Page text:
The Effect of Classroom Dynamics on Learning in the Classroom Environment
When it comes to discussing the influence of classroom dynamics on the learning that children gain while being part of the classroom, it is important to stress that in the given case, these dynamics which, as was previously noted, could be described as rather healthy, appeared to have a rather beneficial impact on the children’s learning. In particular, the teacher-student interaction during the lessons permitted kids to learn and practice their reading skills, whereas the short duration of the learning activities allowed for not accumulating a significant amount of fatigue, thus letting the learners quickly recover their energy and focus after a break. The mainly collaborative (rather than competitive or hostile) interactions of kids permitted the pupils to engage in play with different members of the group, which allows for concluding that their communicative skills were rather well-developed for their age, and were developing further thanks to such interactions. There was sometimes disorder in the classroom (such as noise), but this probably permitted the children to feel more natural in that environment.
It should be stressed, however, that the language barrier which existed between kids whose first language was English, and those whose first language was Spanish, did hinder the communication of these two groups; however, it was positive that the Spanish-speaking children intensively interacted with one another, and that they still engaged in communication with the children from the other group (Pinter, 2017). On the whole, diversity did not seem to have a profound negative effect on the quality or quantity of children’s communication.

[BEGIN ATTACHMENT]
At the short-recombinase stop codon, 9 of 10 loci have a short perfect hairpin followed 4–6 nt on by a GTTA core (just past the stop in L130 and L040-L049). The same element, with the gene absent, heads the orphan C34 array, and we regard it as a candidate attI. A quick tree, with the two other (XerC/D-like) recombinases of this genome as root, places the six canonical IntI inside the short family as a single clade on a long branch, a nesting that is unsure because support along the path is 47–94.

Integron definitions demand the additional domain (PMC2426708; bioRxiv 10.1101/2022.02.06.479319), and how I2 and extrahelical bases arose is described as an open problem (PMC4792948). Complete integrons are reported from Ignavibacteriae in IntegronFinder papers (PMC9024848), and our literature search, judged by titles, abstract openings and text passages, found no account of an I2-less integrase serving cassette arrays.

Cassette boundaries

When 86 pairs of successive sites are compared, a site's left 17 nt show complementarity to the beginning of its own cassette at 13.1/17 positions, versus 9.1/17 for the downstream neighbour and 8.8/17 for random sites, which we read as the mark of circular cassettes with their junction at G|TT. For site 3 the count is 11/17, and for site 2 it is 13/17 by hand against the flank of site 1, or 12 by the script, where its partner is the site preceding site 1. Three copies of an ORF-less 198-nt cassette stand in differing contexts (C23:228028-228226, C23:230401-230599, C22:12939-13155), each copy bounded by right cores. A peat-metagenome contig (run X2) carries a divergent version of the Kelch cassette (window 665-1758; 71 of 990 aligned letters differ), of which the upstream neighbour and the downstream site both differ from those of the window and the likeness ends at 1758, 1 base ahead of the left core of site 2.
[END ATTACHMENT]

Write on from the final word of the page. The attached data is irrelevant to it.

It is also noteworthy that the teacher used visual aids to present some new materials for the kids, which can also be viewed as positive. Furthermore, the kids were interested in the materials and studied them additionally during breaks. Although it is recommended that there should not be too many materials in the classroom for young children (Fisher, Godwin, & Seltman, 2014), the wall posters provided by the teacher succeeded in capturing the students’ direct attention, most likely stimulating their learning process as a result.
De Melendez, W. R., & Beck, V. O. (2013). Teaching young children in multicultural classrooms: Issues, concepts, and strategies. Belmont, CA: Wadsworth Cengage Learning.
Fisher, A. V., Godwin, K. E., & Seltman, H. (2014). Visual environment, attention allocation, and learning in young children: When too much of a good thing may be bad. Psychological Science, 25(7), 1362-1370.
Gest, S. D., Madill, R. A., Zadzora, K. M., Miller, A. M., & Rodkin, P. C. (2014). Teacher management of elementary classroom social dynamics: Associations with changes in student adjustment. Journal of Emotional and Behavioral Disorders, 22(2), 107-118.
Pinter, A. (2017). Teaching young language learners (2nd ed.). Oxford, UK: Oxford University Press.
Spodek, B., & Saracho, O. N. (Eds.). (2013). Handbook of research on the education of young children (2nd ed.). New York, NY: Routledge.